CiF is obsessively anti-Israel, has hosted Palestinian supporters of suicide terror above the line and gives column inches to their supporters below it, as well as British Islamists, and has accrued its very own coterie of Theobald-Jews, all of whom purvey and perpetrate the image of Israel as the unique “evil” in the world.
From its inception CiF has insisted that discussion is freely allowed and that it is not biased against Israel. However, quickly it became evident that CiF states one agenda publicly whilst actively pursuing quite another. In the past month most of its articles have focused negatively on Israel alone and have been magnets for antisemitic comment below the line.
Editors of a blog should, in theory at least, leave the conduct of discussions to the commenters themselves, and should intervene only as a very last resort. True, it was to be expected, given the idiosyncratic nature of the moderation, that at least one CiF moderator would evidentially cast all semblance of neutrality to the winds, but was Bella Mackie solely to blame? She must have thought she could get away with it after CiF’s commissioning editor Brian Whitaker set a completely new precedent which drove a coach and horses through any pretence of CiF editor neutrality when he intimated that pro-Israel commenters of CiF were in the pay of the Israeli government. He must really be prone to believing conspiracy theories. After all, as commissioning editor, he likely commissioned and perhaps even encouraged Peter Oborne’s pre-emptive swipe at the “powerful” Israel lobby before the Dispatches programme made Oborne look foolish.
Whitaker’s inability to do the typing equivalent of buttoning his lip seems to have set rather a bizarre precedent on CiF. All the editors seem to have contracted CiF-Variant Foot in Mouth disease:
We get Georgina Henry trying valiantly to bail out CiF’s wished-for reputation for good taste with the equivalent of a sieve, by her frankly risible response to readers’ complaints about the “choir of ethical cretins” blooper on the Michael Lerner thread:
21 Oct 2009, 12:34PM
Thanks to those of you who have raised the issue of Michael Lerner’s use of the phrase “choir of ethical cretins”. The intention was clearly not to offend in that he was using it in its colloquial sense, and in a general way. But I have asked the editor of the Guardian’s style guide (where the word is currently not mentioned) whether guidance should be included on its use. Since we’ve taken the point on board, perhaps the thread could now concentrate on debating the merits of his argument.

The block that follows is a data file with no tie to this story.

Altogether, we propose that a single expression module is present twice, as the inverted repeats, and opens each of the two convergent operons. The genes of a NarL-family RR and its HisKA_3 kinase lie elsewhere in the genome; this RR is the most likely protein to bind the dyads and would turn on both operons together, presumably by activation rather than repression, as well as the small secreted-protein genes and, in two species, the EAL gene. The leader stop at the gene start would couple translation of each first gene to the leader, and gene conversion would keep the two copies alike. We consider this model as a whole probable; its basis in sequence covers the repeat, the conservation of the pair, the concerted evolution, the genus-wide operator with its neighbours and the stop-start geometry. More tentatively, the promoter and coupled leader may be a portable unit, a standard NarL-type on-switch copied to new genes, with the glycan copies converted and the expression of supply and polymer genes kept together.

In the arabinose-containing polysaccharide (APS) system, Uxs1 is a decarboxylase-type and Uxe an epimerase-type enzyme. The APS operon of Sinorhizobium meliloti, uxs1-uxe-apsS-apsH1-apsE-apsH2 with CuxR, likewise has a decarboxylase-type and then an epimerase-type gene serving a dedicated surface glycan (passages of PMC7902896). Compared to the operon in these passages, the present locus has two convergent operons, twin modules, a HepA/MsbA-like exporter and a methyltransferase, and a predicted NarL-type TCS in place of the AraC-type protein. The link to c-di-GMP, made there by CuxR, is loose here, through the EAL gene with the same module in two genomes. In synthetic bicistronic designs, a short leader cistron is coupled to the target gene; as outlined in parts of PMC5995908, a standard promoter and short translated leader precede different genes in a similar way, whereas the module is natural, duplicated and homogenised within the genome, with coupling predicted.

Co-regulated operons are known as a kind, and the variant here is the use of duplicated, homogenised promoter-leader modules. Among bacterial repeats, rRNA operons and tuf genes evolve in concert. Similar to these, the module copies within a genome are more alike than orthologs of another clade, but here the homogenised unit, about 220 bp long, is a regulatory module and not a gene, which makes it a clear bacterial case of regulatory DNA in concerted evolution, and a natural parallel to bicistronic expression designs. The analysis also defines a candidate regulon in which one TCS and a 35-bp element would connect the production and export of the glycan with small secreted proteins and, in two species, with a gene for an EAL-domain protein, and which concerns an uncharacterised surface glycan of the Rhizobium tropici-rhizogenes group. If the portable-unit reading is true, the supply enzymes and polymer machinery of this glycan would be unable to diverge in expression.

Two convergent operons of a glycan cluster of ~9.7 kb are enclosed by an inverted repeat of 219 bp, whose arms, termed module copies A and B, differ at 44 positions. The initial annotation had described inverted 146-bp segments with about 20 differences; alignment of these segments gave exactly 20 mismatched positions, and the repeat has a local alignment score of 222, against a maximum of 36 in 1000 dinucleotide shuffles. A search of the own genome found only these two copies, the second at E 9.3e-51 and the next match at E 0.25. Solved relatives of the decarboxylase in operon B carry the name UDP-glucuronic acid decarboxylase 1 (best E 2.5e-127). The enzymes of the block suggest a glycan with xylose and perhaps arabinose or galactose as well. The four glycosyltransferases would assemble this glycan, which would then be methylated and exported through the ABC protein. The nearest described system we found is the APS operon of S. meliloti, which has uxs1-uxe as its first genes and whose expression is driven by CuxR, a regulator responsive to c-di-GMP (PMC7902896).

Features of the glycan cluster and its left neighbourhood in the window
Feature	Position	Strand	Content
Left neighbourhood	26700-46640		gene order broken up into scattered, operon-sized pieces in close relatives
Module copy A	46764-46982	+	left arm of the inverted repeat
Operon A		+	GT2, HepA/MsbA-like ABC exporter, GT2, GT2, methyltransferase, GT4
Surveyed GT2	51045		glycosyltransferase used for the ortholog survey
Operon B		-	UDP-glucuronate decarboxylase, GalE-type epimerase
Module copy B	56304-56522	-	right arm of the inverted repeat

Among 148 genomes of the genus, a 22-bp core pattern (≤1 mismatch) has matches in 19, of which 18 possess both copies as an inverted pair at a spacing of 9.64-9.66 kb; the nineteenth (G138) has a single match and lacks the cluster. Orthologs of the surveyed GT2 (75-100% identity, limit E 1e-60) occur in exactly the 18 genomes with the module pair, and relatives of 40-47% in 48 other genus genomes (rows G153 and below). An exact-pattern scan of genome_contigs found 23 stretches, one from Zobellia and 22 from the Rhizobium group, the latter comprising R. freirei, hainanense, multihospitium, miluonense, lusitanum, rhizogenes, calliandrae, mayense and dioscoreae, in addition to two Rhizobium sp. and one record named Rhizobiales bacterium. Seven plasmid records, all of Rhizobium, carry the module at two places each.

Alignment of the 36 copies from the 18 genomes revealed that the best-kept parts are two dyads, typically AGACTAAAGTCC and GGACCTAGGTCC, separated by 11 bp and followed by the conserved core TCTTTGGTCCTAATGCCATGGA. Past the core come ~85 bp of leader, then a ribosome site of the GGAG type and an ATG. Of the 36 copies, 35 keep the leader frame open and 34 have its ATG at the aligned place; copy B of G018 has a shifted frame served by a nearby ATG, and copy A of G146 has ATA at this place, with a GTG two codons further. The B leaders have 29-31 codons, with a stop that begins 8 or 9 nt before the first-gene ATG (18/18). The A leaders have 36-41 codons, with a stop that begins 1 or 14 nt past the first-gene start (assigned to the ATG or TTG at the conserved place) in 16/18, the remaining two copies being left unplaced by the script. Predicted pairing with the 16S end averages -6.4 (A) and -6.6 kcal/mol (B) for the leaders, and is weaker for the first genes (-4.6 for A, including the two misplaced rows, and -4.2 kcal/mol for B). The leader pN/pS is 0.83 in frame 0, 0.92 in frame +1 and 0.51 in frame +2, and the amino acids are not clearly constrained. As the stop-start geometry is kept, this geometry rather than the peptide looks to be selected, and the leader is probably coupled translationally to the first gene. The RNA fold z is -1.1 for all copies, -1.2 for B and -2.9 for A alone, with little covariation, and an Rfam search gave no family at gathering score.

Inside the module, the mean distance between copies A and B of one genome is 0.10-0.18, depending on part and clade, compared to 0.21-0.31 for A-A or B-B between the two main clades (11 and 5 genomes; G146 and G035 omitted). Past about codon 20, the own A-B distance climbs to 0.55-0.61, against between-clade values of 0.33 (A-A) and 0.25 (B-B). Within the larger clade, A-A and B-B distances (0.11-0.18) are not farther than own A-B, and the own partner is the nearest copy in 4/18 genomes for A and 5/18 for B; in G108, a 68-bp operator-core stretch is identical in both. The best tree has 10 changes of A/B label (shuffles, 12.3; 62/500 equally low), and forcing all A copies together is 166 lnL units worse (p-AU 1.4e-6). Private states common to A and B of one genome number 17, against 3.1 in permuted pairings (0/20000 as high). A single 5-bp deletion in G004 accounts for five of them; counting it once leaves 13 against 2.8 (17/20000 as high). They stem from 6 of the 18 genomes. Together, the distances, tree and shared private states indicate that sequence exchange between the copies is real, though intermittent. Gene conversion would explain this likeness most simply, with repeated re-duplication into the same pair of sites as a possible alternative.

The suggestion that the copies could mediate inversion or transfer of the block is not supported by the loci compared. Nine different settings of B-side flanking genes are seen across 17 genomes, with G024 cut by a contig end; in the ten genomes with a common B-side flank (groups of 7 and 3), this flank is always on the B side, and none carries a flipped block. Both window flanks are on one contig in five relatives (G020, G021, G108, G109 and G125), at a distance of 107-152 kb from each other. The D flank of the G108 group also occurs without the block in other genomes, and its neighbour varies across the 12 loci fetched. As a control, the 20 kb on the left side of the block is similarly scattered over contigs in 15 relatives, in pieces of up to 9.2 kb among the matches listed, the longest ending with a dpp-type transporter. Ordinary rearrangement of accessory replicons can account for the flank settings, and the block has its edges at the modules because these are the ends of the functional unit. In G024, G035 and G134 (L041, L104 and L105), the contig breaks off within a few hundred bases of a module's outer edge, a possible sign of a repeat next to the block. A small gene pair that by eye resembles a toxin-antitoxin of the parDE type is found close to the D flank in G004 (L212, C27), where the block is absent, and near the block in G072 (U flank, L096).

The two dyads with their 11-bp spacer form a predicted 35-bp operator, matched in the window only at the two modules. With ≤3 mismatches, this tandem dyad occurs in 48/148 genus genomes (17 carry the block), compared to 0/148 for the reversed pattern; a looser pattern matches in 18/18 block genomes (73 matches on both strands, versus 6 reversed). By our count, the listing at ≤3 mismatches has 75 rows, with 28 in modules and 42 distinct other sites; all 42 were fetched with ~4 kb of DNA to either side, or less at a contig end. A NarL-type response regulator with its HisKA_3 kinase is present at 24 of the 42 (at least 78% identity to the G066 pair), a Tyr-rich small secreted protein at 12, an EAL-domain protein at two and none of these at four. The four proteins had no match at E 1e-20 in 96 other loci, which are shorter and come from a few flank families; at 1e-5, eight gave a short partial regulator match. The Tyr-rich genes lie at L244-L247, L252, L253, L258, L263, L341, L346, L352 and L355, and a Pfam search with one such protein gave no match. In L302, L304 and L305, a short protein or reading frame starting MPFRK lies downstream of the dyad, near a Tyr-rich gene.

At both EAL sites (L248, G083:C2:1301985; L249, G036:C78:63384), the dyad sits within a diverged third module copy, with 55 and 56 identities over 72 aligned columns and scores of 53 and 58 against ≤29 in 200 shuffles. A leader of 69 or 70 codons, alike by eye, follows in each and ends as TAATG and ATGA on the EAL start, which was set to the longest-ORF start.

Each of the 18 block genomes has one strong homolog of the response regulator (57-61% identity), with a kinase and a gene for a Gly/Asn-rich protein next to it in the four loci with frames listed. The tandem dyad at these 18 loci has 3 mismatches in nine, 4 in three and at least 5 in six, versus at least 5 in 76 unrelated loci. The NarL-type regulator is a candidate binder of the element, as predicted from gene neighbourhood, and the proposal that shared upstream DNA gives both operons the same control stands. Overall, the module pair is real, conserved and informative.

(Note, once again, the curious implacable and arrogant belief that, just because she tells us that calling people “ethical cretins” was “clearly” not intended to offend then we will not be offended and this can be brushed under the CiF carpet. She does not seem to apprehend that to call someone a cretin in a “colloquial” sense is as insulting as to call that person a cretin in any other sense! She knows that she has offended because she elaborates the excuse with a reference to the Guardian’s style guide, in the vain hope that this will really throw us off the scent).
Matt Seaton seems compelled to interfere on the threads, too! Here he is on his white charger defending the indefensible in the shape of Tony Lerman:
In his post below, Seaton sets out a rather confusing duality of roles – as a CiF editor “.. to try to exercise impartial and balanced judgment over our comment coverage…” (emphasis mine) and what he calls a “staffer joining a discussion below the line, where really we comment in a personal capacity…”
mattseaton’s comment 20 Nov 09, 12:59pm
20 Nov 2009, 12:31PM
Matt Seaton is a bigwig at CiF and appears to be supervising this thread. Nowt wrong with that.
But when he uses terms like “courageous” in reference to the article by Anshel Pfeffer, then I do have my doubts re. his impartiality.
There’s nothing wrong as such with praising the article – but doing so within said supervisory capacity is a bit dodgy IMO.
Bigwig here. Well, I don’t think I am here in a supervisory role, as you put it. This sounds terribly pompous (but then I am a bigwig, so I can’t help it), but I draw a distinction between my responsibility as Cif editor to try to exercise impartial and balanced judgment over our comment coverage and the role of a staffer joining a discussion below the line, where really we comment in a personal capacity. In short, different roles, different standards applied.
You’re welcome, of course, to disagree with my remarks here, but I’d like to be clear: if you do, it’s because you regard my comments as dodgy, not because it’s dodgy for me to have made them.
I called that Pfeffer article ‘courageous’ advisedly, and partly because I think it’s instructive to see that, given the flak Tony Lerman catches here in the UK, that Pfeffer can make comparable arguments in Israel itself. Of course, Pfeffer probably gets some stick too…
Seaton actually admits above to different roles and different standards applied, but I cannot trust any of the CiF editors to keep the boundaries between the roles. Whitaker has shown that he cannot, and Seaton gives no indication that he realises the difficulties such situations may present. By commenting at all he is pushing those boundaries.